It seems like they weren’t able to decide what kind of show they wanted Defiance to be. One moment, it’s a rollicking space Western full of adventure and light humor. The next, it’s a more serious epic with the inhabitants of Defiance fighting in the trenches to defend their town. A scene later, it’s a political drama about the intrigues of the town’s ruling families.

The show just kind of sways drunkenly between these different styles of story without rhyme or reason, and it makes it difficult to get invested in the plot.

Furthermore, there were a few times where things simply happened without any foreshadowing or explanation, including but not limited to the obligatory random sex scene for no reason at all.

The town of DefianceOn the fence:

On the whole, I’m not sure if I’ll stick with Defiance or not. It has potential, and I am eager to have some sci-fi to watch again, but I’ve yet to be blown away, and if past history is any guide, it will probably be cancelled after one or two seasons anyway.

Overall rating for the pilot: 6.8/10

New article:

My latest article at WhatMMO is a roundup of the rumors and speculation surrounding Blizzard’s Project: Titan. Some of the ideas you may have heard me discuss before, but others are new.

What do you think Titan will be?

3 thoughts on “Review: Defiance Pilot + Titan Article

  1. I guess the big question you asked before is the only relevant one – what happens to the game when Defiance is cancelled? It might have an initial surge of players (if they like the show) but if a solid franchise like SWTOR had to go F2P then I’m not very optimistic about Defiance.

    Defiance (the TV show) doesn’t hit my radar because I really don’t like the tired old post-apocalyptic SF thing that has been done to death (and usually done very badly) so the game doesn’t interest me either.

    As for Titan…well, it’s anybody’s guess about what the game might be. The only thing I get from the rumors is that it will probably incorporate every money-making option possible – F2P, cash shop, in-game advertising (hence the “work with major consumer brands”), RMAH, links to social media, lock boxes, “optional” paid content – everything that would drive me completely away from a game.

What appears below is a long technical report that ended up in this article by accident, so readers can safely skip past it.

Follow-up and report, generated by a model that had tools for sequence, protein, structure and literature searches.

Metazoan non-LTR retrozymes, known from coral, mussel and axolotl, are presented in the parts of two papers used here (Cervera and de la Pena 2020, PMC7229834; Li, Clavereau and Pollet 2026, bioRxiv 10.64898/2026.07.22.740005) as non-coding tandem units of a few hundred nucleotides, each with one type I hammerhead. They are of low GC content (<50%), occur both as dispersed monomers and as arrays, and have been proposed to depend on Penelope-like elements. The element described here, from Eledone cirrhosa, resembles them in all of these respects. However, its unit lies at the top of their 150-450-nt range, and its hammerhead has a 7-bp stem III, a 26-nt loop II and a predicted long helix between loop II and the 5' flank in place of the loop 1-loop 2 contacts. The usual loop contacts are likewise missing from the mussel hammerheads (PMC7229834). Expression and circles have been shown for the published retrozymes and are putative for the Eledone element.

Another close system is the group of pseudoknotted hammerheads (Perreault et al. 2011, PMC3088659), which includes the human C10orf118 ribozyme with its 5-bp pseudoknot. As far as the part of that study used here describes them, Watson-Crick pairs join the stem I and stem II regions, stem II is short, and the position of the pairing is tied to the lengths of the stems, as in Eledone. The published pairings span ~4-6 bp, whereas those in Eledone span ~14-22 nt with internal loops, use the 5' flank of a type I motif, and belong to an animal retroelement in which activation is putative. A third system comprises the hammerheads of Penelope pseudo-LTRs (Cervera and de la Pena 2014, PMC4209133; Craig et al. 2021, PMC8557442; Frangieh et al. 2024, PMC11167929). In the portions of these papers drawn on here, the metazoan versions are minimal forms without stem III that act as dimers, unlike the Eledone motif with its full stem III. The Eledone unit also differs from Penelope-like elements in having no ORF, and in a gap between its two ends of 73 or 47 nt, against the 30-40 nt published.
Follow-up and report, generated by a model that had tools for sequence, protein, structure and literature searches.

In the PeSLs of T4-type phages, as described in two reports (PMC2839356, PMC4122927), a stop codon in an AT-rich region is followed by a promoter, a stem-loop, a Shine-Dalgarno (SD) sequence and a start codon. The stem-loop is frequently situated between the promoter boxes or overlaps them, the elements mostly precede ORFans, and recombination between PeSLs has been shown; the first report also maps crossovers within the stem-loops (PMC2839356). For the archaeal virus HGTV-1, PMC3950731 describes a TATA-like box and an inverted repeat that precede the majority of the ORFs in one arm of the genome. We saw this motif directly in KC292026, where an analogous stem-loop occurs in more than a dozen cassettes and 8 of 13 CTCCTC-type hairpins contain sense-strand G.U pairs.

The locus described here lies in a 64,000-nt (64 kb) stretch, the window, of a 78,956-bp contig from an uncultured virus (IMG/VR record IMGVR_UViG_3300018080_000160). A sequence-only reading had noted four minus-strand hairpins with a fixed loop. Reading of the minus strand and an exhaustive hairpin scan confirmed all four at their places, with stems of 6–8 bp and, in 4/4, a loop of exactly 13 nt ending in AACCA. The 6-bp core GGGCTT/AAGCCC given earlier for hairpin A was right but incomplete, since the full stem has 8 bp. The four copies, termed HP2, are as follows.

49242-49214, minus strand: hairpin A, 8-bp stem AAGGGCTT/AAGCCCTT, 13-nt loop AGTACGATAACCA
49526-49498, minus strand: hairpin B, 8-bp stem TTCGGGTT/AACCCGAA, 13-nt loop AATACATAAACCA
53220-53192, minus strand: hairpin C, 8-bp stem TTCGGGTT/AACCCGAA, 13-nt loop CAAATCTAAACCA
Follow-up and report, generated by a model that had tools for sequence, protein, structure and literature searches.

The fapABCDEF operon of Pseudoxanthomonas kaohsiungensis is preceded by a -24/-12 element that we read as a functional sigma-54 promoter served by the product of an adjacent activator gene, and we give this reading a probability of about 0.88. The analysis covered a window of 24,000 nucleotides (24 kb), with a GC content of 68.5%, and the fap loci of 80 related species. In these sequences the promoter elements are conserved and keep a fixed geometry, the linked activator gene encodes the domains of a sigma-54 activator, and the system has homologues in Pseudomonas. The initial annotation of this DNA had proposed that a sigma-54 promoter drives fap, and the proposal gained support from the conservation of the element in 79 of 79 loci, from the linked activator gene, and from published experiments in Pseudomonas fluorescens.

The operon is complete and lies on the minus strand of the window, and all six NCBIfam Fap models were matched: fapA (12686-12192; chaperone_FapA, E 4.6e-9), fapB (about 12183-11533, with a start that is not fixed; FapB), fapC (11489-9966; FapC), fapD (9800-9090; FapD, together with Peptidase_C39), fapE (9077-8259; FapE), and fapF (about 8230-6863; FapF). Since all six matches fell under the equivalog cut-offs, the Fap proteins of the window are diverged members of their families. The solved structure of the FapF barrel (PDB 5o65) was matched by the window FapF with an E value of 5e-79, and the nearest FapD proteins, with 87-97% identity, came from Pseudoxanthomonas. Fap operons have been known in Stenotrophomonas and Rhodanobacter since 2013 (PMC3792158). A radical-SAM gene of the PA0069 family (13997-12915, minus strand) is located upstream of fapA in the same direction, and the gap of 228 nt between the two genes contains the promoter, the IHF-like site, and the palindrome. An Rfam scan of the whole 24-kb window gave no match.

So yeah…not too excited about Titan because I’m guessing the story and game play will be nothing more than wrapping paper to support the “real game” of cash purchases.

    • I wouldn’t put too much stock in those Titan rumors. Blizzard’s outright said they think the RMAH in D3 was a mistake, so I would be very, very surprised if they included one in Titan.

      Plus, people just like to assume the worst where Blizzard’s greed is concerned, usually with no basis. I’m not going to claim Blizzard isn’t overly greedy, but they’re not the soulless money-suckers people make them out to be.

      The in-game advertising one is the only one with any actual evidence behind it, and depending on the setting, it might not be a bad thing. If they’re going for a modern era or near future setting, I’d say a little product placement could help with immersion. I’m honestly a little disappointed there aren’t any ads for McD’s or Coca-Cola in The Secret World.

      • I’m the opposite of that – real world product ads knock me right out of any immersion or story. We get bombarded with advertising everywhere. I’m surprised there aren’t ads placed every 5 pages in a printed novels although the magazine industry fell to that years ago.

        Blizzard is a business, so it’s no surprise or completely unexpected that they want to make money. That’s fine – every business needs to make money or they’re not a business.

        What I object to is blatant advertising/money grabs in a game that’s supposed to be for entertainment if it interferes with the actual game play. Pick any FB or Apple apps games for examples.

        Tinfoil hat time – I suspect the RMAH/CRZ and all the other “latest” technological innovations Blizzard has been incorporating are merely “testing” for Titan. Refer to the RealID fiasco for an example (and by extension, FB) – isn’t your real information much more valuable to marketers? 😉